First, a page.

David Bruce: Old Age Anecdotes

Mother Teresa once visited a magnificent home for senior citizens in England. Each of its 40 residents was well cared for by the staff; however, none of the 40 residents smiled. Instead, they kept looking at the door of the home. Mother Teresa asked a Sister about this, and the Sister replied, “The same thing always happens. They are always waiting for someone to come to visit them. They dream of a son or a daughter, some member of the family, or a friend coming through that door to visit them.” According to Mother Teresa, “The poverty of having no one coming to visit them is the poverty that older people feel the most.”

When William Griffin was in the air force, he was in an accident that left him in a coma for several days. When he awoke from the coma, the only way he could communicate with the people around him was through laughing. Fortunately, he was able to almost fully recover from the accident. Once, Mr. Griffin’s friend and pastor, the Rev. David R. Francoeur, complained to him about how slowly God moves in answering prayers and how quickly he wished that God would move. He asked, “Why does God move so slow?” Mr. Griffin replied, “Because He’s older than you are.”

Author Michael Thomas Ford once spoke before a class of children. One child asked him, “How old are you?” When he gave the answer — 30 — he shocked the children, one of whom marveled, “You’re older than my mom,” and another of whom said, “That’s old.” Afterward, the children’s teacher explained that whenever the children asked her how old she was, “I just tell them I knew God when he was a boy. That shuts them up — except for the ones who want to know if he was a good kickball player.”

Opera singer Mary Garden’s mother died at the age of 93, but she stopped counting how many years she had lived at the age of 35. She once told her daughter, “Mary, I was never 36 and I never shall be.” The two sometimes traveled together, but Mary was sometimes embarrassed because according to her mother’s passport, her mother was one year old when she gave birth to her.

When she was an old lady, former heartthrob Sarah Bernhardt had an apartment at the top of an apartment building. A former suitor visited her and, huffing and puffing after climbing so many stairs, asked her she had her apartment so high up. Ms. Bernhardt replied, “Nowadays, it’s the only way I am still able to make men’s hearts beat a little faster.”

The aged conductor Serge Koussevitsky disliked the spiritless playing of a musician, so he told him, “Don’t play like an old man.” The musician responded, “You are an old man yourself.” Maestro Koussevitsky replied, “I know that. But when I conduct like an old man, I will give up the job.” The musician thereafter played with spirit.

In Melbourne, Florida, a speaker at the weekly Men in Motion luncheon at Central Baptist Church talked about forgiveness. The speaker stated, “The Lord has given me the command to forgive the wrongs of others, but He has not given me the ability to forget them.” An older man in the audience called out, “Just wait a few years!”

When Sir Ralph Richardson was 74 years old, Richard Eyre visited him in his dressing room, where he was surprised to see Sir Ralph using makeup to put lines under his eyes, the way young actors do. Sir Ralph noticed the look of surprise on Mr. Eyre’s face, so he explained, “Ah, I’m playing an old character, you see.”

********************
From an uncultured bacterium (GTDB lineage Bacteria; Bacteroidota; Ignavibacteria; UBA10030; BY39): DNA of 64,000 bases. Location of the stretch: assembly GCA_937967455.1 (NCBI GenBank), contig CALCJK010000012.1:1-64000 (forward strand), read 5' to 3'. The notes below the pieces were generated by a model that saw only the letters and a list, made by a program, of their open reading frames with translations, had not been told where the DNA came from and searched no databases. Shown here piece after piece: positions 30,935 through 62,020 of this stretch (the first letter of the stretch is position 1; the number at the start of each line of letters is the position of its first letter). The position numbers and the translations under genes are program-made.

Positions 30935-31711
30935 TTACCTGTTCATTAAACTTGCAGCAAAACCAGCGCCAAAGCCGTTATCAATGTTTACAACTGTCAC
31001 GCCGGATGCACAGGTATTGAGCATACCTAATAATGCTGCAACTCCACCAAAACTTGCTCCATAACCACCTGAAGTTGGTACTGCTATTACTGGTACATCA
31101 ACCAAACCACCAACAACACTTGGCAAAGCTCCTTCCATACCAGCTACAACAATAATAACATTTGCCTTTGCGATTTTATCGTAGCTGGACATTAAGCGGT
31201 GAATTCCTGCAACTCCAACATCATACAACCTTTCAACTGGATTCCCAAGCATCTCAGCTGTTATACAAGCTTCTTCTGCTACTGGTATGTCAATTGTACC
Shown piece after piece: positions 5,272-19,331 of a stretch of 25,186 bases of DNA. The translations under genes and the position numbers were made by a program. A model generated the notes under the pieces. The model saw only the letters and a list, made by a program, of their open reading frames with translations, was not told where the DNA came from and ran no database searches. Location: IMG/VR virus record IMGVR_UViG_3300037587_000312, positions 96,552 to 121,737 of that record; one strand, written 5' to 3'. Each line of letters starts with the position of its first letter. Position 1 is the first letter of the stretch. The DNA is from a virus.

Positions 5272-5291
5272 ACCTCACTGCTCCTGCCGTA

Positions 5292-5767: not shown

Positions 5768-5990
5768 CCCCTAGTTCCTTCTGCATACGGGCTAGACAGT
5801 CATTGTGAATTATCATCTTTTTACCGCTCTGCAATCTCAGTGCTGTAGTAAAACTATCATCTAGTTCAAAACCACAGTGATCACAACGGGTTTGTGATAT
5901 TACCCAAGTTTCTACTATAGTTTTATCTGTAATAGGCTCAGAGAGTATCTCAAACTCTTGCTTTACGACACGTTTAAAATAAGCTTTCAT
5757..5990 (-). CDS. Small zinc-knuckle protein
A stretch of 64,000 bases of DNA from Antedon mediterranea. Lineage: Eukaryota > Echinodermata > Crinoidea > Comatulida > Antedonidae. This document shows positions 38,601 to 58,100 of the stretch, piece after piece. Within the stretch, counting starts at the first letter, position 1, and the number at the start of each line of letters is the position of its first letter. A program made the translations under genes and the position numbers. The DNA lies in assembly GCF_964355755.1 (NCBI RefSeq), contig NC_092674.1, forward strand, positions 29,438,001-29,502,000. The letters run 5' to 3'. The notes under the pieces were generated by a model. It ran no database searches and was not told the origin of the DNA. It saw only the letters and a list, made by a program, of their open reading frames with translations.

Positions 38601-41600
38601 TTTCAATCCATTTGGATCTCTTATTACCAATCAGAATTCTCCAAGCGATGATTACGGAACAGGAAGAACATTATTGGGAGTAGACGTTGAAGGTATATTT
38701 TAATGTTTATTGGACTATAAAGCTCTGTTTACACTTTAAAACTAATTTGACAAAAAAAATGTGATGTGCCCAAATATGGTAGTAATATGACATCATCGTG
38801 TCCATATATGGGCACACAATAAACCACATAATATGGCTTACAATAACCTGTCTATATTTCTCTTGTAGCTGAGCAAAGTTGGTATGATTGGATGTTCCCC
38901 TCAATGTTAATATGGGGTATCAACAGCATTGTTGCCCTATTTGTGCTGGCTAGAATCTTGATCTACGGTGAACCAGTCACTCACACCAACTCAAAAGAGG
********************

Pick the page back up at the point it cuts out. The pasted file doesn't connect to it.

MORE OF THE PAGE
Sir John Gielgud was in his dressing room after a theatrical performance when a man came in to see him. Mr. Gielgud said, “How pleased I am to meet you. I used to know your son. We were at school together.” The man replied, “I have no son — it was I who was at school with you.”

Some cultures value old people. The Dalai Lama once attended a Buddhist-Christian conference. At the opening ceremony — a tree-planting ceremony — the Dalai Lama noticed a very old monk in a wheelchair. He went to the monk and embraced him, saying joyously, “Oh, he’s old!”

Caesar Augustus, when he was old, once had a hard time making himself heard in the midst of a group of young men. He told them, “Young men, pay attention to an old man who when he was young won the attention of his elders.”

Young people sometimes told the German-Jewish actor Fritz Kortner that he was unable to understand their problems. He always replied, “You were never as old as I am; on the other hand, I was as young as you are now.”

Sandy Koufax was one of baseball’s best pitchers, but he was hardly a hitter. Before an Old-Timers game, he barely touched the ball during batting practice, then told his friends, “The layoff didn’t hurt. I haven’t lost a thing.”

Myron Cohen used to tell a story about two old people talking about sex. She asks him how often he has sex, and he replies, “Infrequently.” She then asks, “Is that one word or two?”

Lionel Barrymore was asked in his old age if acting was as much fun for him as it used to be. He replied, “Look, son, I’m 75 years old — nothing is as much fun as it used to be.”

Cloris Leachman played Phyllis Lindstrom on The Mary Tyler Moore Show. According to Ms. Leachman, there is a secret to growing old: “Never read women’s magazines. All that advice will kill you.”

Someone once told Zero Mostel that he had changed very little over the years. He replied, “Geez, if you start off fat and bald, what the hell else can happen to you?”

Thales was a wise man. When a man asked him about the oddest sight he had ever witnessed, Thales replied, “A dictator who reached old age.”

In a nursing home, an elderly woman was advised to get a hearing aid. She declined, saying, “At 91, I’ve heard enough.”


Copyright by Bruce D. Bruce; All Rights Reserved


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